That Christmas Feeling

Katie Eagleson

A collection of songs celebrating and honoring the Christmas season.

I hope you’ll enjoy listening to the songs on this recording. It’s a bit of a departure from our earlier CDs, in that Lenny didn’t put any limitations on his arrangements, so you’ll be hearing some instrumentation that you’ve not heard from us before. It was a lot of fun. Most of the songs we ended up choosing have been favorites of mine for a long time, but not all. Of course, Have Yourself a Merry Little Christmas is a favorite of lots of people. I’m a fan of Judy Garland, who introduced it in Meet Me in St. Louis. I was drawn to the melancholy lyrics that she sang in the movie. We decided to use the more uplifting version that has become popular since then, just in case not everyone likes a good sad song like I do. I realized during this process that Bing Crosby had a big role in forming my Christmas song taste. White Christmas, Count Your Blessings, and That Christmas Feeling all are imprinted in my brain with his voice singing them. In fact, I couldn’t find any other recording of our title track. I only was able to find the sheet music (including verse) after contacting Jimmy Van Heusen’s grandnephew. I like the song because the words and music are both simple and to the point, well suited to each other.
Caroling, Caroling and Il est ne le Divin Enfant are songs I sang in Glee Club at my high school, Ravenhill Academy in Philadelphia. Glee Club was one of the most fun things I was involved in at school, especially at Christmas time. Thank you Mr. Fiss, wherever you are. I’ve just recently learned A Christmas Love Song. My husband, Lenny introduced me to it. You can’t go wrong with Johnny Mandel and the Bergmans. Some Children See Him has an interesting history. Alfred Burt, the composer, (who also wrote Caroling, Caroling) wrote the music to one Christmas carol every year, which he included in his annual Christmas card. It wasn’t until after his death that they were all performed in public.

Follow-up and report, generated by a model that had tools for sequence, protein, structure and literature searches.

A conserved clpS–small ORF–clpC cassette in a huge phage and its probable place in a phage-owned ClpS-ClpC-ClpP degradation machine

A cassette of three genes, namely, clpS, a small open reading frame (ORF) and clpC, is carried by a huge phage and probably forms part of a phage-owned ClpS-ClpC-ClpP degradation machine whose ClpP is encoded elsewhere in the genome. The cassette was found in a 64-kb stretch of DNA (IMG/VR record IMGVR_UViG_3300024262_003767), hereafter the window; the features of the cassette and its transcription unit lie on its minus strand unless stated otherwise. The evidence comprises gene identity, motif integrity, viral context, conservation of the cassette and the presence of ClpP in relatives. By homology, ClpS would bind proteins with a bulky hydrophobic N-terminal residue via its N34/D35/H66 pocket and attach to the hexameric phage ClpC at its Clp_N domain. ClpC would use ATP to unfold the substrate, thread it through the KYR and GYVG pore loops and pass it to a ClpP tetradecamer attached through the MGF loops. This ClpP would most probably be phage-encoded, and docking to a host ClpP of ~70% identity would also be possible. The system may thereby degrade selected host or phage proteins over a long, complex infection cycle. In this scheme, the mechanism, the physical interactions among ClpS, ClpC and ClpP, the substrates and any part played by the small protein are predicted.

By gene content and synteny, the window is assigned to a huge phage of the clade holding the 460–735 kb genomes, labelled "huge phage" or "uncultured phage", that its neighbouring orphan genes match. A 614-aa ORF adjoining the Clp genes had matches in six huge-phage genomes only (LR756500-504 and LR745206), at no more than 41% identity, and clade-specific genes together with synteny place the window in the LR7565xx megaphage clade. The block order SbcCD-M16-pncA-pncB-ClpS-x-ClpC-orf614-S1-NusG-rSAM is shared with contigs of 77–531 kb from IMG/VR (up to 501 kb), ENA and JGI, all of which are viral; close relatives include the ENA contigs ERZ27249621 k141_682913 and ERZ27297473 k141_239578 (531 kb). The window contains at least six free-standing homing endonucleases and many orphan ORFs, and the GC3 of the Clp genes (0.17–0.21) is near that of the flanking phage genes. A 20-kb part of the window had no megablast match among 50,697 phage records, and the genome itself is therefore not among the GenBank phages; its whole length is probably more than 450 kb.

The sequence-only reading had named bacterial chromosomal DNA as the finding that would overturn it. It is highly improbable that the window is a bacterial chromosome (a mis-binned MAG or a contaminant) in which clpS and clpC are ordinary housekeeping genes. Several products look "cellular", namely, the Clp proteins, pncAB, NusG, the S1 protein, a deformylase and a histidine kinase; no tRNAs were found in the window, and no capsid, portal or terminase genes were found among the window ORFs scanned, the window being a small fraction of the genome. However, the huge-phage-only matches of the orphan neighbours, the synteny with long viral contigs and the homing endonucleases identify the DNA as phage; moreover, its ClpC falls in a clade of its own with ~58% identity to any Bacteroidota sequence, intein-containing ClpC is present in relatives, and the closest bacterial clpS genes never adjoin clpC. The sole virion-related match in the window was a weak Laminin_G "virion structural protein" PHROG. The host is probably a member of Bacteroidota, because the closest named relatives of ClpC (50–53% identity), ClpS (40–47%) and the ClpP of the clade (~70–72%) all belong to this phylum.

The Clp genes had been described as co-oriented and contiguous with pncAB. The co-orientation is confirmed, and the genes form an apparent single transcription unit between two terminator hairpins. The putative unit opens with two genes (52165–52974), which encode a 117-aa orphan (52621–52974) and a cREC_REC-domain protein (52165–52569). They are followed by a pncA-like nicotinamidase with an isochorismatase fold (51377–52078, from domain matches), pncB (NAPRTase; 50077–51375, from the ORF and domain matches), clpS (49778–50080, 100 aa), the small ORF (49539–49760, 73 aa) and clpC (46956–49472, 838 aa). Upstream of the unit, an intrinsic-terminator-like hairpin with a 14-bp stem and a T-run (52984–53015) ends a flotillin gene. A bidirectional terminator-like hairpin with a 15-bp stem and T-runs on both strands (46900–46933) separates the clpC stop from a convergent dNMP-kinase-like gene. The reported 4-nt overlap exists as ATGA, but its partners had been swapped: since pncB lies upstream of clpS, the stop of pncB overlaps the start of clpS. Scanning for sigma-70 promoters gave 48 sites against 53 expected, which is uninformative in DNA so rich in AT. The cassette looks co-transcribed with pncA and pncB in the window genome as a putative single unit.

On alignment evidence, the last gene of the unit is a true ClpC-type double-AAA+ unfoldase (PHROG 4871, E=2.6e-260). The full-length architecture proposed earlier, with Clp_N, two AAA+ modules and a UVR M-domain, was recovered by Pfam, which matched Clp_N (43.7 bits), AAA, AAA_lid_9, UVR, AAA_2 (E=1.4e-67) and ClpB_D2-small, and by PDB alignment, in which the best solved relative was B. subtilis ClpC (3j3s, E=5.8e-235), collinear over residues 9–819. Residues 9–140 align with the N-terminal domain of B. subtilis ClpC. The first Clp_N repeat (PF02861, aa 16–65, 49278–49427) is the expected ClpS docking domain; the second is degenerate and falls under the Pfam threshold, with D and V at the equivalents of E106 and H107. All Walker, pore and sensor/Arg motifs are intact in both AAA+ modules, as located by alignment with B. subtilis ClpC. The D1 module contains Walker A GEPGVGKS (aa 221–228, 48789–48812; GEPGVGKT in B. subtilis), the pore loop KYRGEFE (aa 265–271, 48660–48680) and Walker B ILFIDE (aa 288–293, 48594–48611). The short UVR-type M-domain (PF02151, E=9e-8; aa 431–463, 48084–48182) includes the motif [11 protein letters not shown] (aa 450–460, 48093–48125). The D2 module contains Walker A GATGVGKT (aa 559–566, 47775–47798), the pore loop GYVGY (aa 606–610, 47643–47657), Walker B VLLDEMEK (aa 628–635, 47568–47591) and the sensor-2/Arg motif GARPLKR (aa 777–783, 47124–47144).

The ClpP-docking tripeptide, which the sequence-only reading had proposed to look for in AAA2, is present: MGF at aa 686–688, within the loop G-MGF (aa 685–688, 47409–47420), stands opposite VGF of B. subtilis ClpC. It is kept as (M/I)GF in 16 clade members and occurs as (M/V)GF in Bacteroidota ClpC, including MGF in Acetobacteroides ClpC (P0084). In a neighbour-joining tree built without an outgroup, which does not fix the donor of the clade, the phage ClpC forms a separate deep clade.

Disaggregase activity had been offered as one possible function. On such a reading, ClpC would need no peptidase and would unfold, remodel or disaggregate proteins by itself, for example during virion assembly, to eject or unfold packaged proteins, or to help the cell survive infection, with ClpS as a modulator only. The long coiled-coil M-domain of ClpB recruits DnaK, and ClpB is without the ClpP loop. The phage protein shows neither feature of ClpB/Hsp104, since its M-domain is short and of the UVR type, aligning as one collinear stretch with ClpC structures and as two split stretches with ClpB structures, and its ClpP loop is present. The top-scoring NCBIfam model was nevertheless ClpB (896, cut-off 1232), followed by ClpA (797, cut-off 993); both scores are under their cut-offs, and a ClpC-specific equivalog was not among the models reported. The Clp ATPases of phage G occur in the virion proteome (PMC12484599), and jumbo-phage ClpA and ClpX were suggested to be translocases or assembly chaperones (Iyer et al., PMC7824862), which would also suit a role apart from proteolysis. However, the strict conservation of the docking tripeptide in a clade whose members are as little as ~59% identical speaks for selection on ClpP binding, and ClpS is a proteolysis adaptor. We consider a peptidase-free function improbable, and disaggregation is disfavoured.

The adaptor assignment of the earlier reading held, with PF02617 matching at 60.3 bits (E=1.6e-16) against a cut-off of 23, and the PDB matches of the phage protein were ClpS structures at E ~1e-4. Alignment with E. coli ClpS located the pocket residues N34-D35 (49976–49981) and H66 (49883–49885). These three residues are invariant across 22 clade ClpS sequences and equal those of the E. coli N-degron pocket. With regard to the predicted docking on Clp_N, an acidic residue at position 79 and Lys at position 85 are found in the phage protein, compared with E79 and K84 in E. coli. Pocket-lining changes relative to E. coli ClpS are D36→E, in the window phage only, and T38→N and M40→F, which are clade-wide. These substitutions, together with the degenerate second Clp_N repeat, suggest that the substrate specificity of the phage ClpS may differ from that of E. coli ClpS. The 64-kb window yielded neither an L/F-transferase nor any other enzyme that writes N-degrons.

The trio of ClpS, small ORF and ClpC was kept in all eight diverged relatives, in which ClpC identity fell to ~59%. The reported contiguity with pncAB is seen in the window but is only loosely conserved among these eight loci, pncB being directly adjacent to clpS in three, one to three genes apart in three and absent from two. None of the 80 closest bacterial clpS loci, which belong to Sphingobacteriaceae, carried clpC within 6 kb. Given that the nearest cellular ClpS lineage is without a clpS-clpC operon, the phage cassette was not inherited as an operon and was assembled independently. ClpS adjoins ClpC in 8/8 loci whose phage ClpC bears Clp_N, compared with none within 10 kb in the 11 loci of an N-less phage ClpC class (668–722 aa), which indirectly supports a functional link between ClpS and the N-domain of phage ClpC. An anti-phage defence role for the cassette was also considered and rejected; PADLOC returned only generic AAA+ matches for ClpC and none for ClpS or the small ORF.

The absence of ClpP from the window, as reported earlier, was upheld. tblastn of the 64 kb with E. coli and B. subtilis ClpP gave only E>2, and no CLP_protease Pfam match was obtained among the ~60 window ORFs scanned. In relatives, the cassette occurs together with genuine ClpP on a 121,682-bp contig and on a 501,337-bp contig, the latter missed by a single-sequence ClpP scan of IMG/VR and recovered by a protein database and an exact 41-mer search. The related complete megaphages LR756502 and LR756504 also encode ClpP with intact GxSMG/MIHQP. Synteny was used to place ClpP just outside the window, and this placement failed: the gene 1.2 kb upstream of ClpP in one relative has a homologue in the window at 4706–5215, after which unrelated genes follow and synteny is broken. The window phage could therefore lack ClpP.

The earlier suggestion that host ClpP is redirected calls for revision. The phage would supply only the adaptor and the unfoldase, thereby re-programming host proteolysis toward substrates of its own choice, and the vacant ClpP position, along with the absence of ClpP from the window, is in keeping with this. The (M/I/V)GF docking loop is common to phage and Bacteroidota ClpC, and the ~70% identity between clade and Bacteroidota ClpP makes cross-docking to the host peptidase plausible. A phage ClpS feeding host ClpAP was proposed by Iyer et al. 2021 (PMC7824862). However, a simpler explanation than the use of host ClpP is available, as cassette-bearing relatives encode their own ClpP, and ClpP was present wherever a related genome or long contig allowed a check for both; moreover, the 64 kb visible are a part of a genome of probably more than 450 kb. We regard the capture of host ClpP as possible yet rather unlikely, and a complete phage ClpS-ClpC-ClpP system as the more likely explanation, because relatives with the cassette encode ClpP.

In the Bleak Midwinter reminds me of my dad, gone many years now. He loved the Christmas story, “The Juggler” about a poor man whose only talent was juggling, so on Christmas Eve, after others had laid gifts of great worth at the foot of the statue of the Blessed Mother, he decided to juggle for her; the statue came to life and Mary smiled at him. It’s what’s in your heart that matters. Nat King Cole introduced me to A Cradle in Bethlehem. This song has taken on special meaning to me this year. I lost my mom during the recording of this CD. She was 100 years old. When I played her our recording of this song one night as she lay in bed, her eyes started to fill with tears. Because of dementia she couldn’t express herself, but I’d like to think that it touched her in a way that music can so powerfully do. When I was growing up, my mom and dad had a party every New Year’s Eve. At midnight, we would all stand in a circle in our living room, cross arms, and hold the hands of the people on either side of us, as we sang Auld Lang Syne… a toast to friends and days gone by. A perfect way to welcome in the new year.

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